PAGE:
Giving full attention to what other people are saying, taking time to understand the points being made, asking questions as appropriate, and not interrupting at inappropriate times.
Using logic and reasoning to identify the strengths and weaknesses of alternative solutions, conclusions or approaches to problems.
Complex Problem Solving
Identifying complex problems and reviewing related information to develop and evaluate options and implement solutions.
Adjusting actions in relation to others' actions.
Monitoring/Assessing performance of yourself, other individuals, or organizations to make improvements or take corrective action.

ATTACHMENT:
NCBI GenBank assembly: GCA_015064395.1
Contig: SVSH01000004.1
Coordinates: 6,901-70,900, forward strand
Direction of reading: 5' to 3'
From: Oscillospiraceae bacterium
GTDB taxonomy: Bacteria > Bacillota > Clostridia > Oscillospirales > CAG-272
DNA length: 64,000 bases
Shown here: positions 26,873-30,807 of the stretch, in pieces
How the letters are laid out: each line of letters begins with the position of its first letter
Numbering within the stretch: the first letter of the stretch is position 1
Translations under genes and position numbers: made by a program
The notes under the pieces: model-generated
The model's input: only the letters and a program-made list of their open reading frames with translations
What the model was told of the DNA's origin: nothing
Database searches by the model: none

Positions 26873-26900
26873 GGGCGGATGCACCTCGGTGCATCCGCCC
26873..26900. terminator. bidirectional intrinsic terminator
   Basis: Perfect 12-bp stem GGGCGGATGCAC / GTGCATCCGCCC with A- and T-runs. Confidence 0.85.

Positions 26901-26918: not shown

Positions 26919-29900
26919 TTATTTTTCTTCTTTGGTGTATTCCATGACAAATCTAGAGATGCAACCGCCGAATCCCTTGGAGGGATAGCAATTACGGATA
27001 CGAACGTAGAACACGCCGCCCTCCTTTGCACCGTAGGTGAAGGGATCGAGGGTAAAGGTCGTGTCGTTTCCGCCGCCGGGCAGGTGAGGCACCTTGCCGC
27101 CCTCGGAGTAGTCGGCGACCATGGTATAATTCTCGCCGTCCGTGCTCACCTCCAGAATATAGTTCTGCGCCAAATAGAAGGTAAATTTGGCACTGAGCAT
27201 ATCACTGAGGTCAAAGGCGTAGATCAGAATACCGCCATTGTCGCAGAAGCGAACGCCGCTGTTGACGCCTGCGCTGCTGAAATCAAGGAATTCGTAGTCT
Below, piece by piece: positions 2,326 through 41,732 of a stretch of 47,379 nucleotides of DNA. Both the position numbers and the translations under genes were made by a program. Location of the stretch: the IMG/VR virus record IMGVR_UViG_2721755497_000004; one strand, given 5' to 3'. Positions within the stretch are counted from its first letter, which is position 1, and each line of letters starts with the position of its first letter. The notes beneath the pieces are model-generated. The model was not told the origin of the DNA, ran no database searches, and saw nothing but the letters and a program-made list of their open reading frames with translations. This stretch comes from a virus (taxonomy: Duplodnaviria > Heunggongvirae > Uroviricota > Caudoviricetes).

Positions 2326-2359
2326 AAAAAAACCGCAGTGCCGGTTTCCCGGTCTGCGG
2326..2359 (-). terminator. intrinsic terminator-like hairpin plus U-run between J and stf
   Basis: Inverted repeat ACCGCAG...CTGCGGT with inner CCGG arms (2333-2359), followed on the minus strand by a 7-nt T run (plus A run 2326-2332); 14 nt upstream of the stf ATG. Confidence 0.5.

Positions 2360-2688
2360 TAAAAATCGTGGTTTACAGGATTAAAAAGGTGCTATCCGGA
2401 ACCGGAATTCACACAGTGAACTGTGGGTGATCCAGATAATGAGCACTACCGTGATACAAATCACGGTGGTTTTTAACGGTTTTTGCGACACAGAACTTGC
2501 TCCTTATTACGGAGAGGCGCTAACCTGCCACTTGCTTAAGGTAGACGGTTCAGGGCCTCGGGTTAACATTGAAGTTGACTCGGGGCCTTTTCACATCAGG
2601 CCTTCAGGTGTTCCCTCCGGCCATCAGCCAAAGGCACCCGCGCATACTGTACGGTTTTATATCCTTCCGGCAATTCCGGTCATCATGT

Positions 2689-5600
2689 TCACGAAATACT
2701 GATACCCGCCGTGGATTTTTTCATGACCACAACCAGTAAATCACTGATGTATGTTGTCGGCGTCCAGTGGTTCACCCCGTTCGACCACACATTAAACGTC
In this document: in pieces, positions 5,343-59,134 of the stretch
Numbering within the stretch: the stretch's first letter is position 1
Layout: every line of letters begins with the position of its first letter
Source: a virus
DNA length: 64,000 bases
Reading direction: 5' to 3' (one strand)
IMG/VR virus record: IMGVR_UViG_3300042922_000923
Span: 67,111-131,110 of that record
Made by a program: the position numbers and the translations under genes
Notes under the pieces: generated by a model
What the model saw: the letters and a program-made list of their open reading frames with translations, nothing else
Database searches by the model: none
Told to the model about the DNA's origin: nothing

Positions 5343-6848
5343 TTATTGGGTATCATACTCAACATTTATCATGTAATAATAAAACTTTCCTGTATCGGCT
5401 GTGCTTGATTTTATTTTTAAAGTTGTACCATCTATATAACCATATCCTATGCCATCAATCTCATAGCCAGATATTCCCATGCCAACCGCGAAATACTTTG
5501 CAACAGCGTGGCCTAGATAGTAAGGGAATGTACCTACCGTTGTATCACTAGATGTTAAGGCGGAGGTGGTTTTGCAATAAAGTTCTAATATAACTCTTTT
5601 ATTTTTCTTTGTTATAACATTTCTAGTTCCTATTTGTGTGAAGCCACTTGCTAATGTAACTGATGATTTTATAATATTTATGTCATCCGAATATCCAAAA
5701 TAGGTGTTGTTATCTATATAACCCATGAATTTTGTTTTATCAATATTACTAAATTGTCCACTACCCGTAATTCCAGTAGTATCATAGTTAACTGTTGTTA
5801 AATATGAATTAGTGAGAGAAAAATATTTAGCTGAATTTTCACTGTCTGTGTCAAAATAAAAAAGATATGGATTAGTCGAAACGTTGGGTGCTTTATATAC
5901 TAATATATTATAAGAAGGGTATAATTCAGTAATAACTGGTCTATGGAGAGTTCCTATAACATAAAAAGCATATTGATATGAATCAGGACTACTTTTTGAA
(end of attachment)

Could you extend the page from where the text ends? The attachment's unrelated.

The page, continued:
The ability to see details at close range (within a few feet of the observer).
The ability to imagine how something will look after it is moved around or when its parts are moved or rearranged.
The ability to listen to and understand information and ideas presented through spoken words and sentences.
The ability to communicate information and ideas in speaking so others will understand.
The ability to read and understand information and ideas presented in writing.
The ability to arrange things or actions in a certain order or pattern according to a specific rule or set of rules (e.g., patterns of numbers, letters, words, pictures, mathematical operations).
The ability to apply general rules to specific problems to produce answers that make sense.
The ability to choose the right mathematical methods or formulas to solve a problem.
Flexibility of Closure